As Ireland undergoes new regional lockdowns around the midlands to help tackle the spread of covid-19, the situation in Sweden could be looking somewhat more optimistic.

The Swedish government raised eyebrows around the start of the pandemic when they decided not to implement the same lockdown measures as many other Western countries. They didn’t shut down their economy or schools, and had much fewer restrictions on individual movement than their European and American counterparts. 

Following this decision, deaths in the Scandinavian country curved upward significantly in April and June, which drew wide condemnation from the international community. However, the curve finally flattened and settled at single digits around July 20th, and numbers have remained low since – a fact which the mainstream media have been slow to report.

Sweden, with a population of 10 million, has seen a total of 5,763 covid-19 deaths according to the World Health Organisation, representing 0.057% of the country’s overall population. Meanwhile, the Republic of Ireland, with a population of 4.9 million, has seen 1,772 deaths, which represents 0.036%. In other words, Ireland has experienced a lower death rate than Sweden relative to population.

However, it is still unclear how many indirect deaths in Ireland will result from more other factors, such as cancer patients going untreated, and suicide from the economic fallout of lockdown. The full range of the damage is difficult to quantify.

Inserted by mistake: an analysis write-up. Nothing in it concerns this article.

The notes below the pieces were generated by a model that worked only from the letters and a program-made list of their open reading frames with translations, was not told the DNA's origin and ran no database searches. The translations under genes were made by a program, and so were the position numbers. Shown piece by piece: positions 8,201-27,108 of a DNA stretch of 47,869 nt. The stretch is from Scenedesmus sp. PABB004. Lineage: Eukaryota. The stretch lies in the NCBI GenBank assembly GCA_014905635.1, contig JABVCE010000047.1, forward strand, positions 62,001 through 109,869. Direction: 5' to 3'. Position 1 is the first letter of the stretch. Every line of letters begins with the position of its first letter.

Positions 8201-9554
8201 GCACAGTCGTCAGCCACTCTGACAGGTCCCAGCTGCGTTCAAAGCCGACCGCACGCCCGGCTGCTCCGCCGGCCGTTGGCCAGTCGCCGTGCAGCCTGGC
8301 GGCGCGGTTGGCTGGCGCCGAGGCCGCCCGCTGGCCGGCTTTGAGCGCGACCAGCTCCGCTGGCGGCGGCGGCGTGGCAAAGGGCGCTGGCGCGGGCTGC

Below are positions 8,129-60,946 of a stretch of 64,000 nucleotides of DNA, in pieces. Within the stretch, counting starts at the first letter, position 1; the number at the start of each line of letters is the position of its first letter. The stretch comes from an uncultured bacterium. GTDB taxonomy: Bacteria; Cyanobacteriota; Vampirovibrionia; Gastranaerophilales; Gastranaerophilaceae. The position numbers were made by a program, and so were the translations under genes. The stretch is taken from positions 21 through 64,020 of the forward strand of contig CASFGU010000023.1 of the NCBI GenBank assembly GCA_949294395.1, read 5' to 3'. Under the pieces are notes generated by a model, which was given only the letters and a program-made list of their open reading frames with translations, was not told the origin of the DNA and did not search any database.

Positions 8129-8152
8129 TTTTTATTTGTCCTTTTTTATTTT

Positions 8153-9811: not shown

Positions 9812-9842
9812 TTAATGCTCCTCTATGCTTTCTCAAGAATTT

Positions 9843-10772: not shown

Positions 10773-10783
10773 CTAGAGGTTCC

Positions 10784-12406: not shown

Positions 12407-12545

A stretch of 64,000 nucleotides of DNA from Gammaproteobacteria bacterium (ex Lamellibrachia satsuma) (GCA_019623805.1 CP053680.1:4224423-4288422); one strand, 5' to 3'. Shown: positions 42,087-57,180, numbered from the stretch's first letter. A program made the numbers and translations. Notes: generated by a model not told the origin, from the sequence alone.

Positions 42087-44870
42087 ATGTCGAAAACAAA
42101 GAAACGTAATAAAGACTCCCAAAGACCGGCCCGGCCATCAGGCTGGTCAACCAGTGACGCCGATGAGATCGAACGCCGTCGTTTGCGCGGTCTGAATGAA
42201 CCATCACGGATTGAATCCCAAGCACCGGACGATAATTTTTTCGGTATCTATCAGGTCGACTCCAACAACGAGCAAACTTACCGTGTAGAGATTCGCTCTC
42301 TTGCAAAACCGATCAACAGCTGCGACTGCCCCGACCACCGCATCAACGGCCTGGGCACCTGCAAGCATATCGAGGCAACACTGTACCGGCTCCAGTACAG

Additionally, both figures in Ireland and Sweden may be skewed by each country’s failure to secure nursing homes.

Back in April, Anders Tegnell, an epidemiologist for Sweden’s advisory Public Health Agency, said that the country had “underestimated the issues at care homes, and how the measures would be applied. We should have controlled this more thoroughly.” According to the Wall Street Journal, around half of all covid-19 deaths in Sweden were nursing home residents.

This mistake mirrors what happened in Ireland, with both the Irish and Swedish governments drawing fire over what many see as a failure to protect the elderly. Allegedly those elderly residents in Sweden suspected to have contracted covid-19 were put on palliative care, given morphine, and denied oxygen and IV fluids. Here in Ireland, as covered by Gript, the government was telling nursing homes to continue admitting visitors despite the risk to residents, and an HSE memo in May explicitly discouraged testing in nursing homes. It is plausible that this contributed significantly to the overall death rate in both countries.

The long term economic impact of the virus remains to be seen, but so far Sweden’s economy has only shrunk 8.6% in the April-to-June period, compared to the EU’s contraction of 11.9%. Spain’s economy shrank by 18.5%, Italy’s by 12.4%, and France’s by 13.8%.

Ireland too is on target for serious trouble, as forecast by Economic And Social Research Institute:

“Our Baseline scenario (which is considered the most likely to occur) follows the government roadmap for reopening through to August…In (this) scenario real GDP declines by 12.4 per cent this year. This compares with a decline of 17.1 per cent in the Severe scenario and an 8.6 per cent fall in the Benign scenario. Regardless of the scenario, the Irish economy is set to experience the largest annual decline in its history.”

Time will tell what the long-term outcome of these very different strategies will be.